Faculty, administrators and graduate students from schools in 17 states, Canada and Israel are gathering on the campus of Methodist Theological School in Ohio Oct. 17 and 18 for the Midwest Symposium on Ecologically Informed Theological Education: Implications for Teaching, Learning and Seminary Life. Representing 15 faith traditions, the 70 participants are exploring how theological education can address today’s ecological reality.
The symposium is being organized by MTSO, the Interfaith Center for Sustainable Development, and the Green Seminary Initiative. It is funded through a generous grant from the Luce Fund for Theological Education with additional support from the Julia Burke Foundation.
The Ohio State University’s Lonnie Thompson, one of the world’s premier climate scientists, delivers the keynote addressat 7:30 p.m. Oct. 17. The address is free and open to the public. Thompson is a distinguished university professor in the School of Earth Sciences and senior research scientist in the Byrd Polar Research Center at Ohio State.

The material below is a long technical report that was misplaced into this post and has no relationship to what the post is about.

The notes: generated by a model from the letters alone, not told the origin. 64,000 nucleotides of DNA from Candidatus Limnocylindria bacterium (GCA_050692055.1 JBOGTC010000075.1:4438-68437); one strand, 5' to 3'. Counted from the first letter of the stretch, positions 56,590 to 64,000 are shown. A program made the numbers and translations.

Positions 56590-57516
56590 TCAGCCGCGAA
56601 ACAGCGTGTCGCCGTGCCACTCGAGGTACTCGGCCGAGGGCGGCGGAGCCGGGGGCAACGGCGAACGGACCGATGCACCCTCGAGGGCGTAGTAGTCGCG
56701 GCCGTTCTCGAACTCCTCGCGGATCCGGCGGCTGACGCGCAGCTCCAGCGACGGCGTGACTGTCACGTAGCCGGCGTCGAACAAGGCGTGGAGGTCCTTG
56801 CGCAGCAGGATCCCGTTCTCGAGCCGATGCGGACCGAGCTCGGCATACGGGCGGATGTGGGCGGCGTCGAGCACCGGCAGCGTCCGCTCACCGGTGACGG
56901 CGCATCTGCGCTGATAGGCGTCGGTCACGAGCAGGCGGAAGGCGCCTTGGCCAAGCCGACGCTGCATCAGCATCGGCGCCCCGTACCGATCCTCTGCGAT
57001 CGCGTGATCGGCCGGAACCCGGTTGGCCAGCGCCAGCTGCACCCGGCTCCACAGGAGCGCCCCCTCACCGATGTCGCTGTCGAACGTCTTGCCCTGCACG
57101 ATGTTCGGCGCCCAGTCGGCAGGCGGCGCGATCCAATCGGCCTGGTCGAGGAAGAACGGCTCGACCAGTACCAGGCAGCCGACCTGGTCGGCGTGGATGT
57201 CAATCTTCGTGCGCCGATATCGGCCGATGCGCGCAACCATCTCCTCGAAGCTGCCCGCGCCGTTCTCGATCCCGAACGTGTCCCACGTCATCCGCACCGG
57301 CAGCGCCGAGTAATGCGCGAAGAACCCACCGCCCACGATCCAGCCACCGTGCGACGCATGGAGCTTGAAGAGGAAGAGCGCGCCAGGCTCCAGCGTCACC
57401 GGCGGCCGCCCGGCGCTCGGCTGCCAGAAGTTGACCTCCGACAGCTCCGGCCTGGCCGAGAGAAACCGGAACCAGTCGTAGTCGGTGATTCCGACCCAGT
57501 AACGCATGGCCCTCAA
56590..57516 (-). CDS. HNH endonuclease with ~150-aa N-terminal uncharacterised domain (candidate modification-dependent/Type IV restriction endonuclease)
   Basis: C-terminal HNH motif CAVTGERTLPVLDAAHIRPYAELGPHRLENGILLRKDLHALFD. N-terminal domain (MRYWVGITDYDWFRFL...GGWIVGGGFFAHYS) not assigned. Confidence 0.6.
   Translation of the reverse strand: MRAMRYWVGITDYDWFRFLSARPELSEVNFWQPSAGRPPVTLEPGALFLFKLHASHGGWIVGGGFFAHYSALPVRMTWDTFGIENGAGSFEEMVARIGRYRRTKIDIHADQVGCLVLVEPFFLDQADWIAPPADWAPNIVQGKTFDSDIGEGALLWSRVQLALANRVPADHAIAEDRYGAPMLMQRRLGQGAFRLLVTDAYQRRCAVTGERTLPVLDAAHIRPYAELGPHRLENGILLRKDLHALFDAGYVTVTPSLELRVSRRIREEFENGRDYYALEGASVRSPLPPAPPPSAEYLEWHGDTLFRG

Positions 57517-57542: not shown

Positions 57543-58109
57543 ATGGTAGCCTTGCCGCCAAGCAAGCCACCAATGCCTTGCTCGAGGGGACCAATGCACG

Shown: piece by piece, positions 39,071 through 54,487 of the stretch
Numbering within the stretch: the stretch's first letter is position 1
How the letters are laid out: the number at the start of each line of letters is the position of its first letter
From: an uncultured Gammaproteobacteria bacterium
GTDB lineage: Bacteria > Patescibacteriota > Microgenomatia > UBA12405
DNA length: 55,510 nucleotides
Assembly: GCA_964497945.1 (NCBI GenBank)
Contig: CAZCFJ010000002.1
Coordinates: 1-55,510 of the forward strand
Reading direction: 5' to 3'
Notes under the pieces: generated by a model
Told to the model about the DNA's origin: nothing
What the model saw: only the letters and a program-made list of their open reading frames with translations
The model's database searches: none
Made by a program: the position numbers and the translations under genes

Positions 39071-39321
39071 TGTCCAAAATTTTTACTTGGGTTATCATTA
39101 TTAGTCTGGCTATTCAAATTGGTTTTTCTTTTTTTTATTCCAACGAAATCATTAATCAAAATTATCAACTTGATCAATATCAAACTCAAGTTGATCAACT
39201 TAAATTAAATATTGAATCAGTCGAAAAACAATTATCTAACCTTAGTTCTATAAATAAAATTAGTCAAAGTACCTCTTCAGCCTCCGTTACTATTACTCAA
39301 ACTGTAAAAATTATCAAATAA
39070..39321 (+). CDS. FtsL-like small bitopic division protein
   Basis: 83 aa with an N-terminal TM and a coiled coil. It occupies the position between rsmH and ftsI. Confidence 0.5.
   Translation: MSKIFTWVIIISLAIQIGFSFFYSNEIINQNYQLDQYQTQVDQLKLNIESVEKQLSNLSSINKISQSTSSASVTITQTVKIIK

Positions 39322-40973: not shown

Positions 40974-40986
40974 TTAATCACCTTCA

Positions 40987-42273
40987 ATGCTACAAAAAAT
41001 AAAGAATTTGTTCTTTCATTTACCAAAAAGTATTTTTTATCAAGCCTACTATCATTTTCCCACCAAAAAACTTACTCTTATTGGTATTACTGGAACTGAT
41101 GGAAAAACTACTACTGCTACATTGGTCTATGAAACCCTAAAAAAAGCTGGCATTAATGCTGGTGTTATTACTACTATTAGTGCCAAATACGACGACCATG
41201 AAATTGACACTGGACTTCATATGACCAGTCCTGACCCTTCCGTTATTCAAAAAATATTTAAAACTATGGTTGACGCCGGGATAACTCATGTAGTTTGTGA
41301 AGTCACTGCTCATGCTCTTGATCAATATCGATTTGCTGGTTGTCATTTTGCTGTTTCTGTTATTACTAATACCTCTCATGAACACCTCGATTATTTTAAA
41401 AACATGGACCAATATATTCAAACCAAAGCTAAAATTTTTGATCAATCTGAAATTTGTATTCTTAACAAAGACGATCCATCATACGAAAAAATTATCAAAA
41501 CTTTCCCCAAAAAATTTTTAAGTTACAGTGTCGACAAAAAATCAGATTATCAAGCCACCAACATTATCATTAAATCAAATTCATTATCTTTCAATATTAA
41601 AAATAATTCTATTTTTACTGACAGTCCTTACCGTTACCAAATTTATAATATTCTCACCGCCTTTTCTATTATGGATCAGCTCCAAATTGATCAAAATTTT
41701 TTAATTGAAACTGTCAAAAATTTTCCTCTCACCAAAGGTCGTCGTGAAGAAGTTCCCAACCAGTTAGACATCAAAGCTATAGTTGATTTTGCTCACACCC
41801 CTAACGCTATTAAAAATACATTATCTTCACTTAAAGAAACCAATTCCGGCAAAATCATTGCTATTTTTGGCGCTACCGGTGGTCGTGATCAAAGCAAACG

Valerie Bridgeman, MTSO’s interim academic dean and associate professor of homiletics and Hebrew Bible, delivers the plenary address, “Ground Game: Cultivating Food, Cultivating Communities,” at 3:30 p.m. Oct. 18.
Both addresses are being streamed live and archived, as are panel discussions covering pedagogy, interreligious matters, and science and religion. All streams are available here.
“An increasing number of Americans are turning to their clergy and spiritual leaders for wisdom and guidance regarding ecological sustainability,” said MTSO Associate Professor Timothy Van Meter, an organizer of the symposium. “This event offers resources to explore how theological schools can address these ecological concerns from a theological and educational perspective.”
Methodist Theological School in Ohio provides theological education and leadership in pursuit of a just and sustainable world. In addition to the Master of Divinity degree, the school offers master’s degrees in counseling, theological studies and practical theology, along with a Doctor of Ministry degree.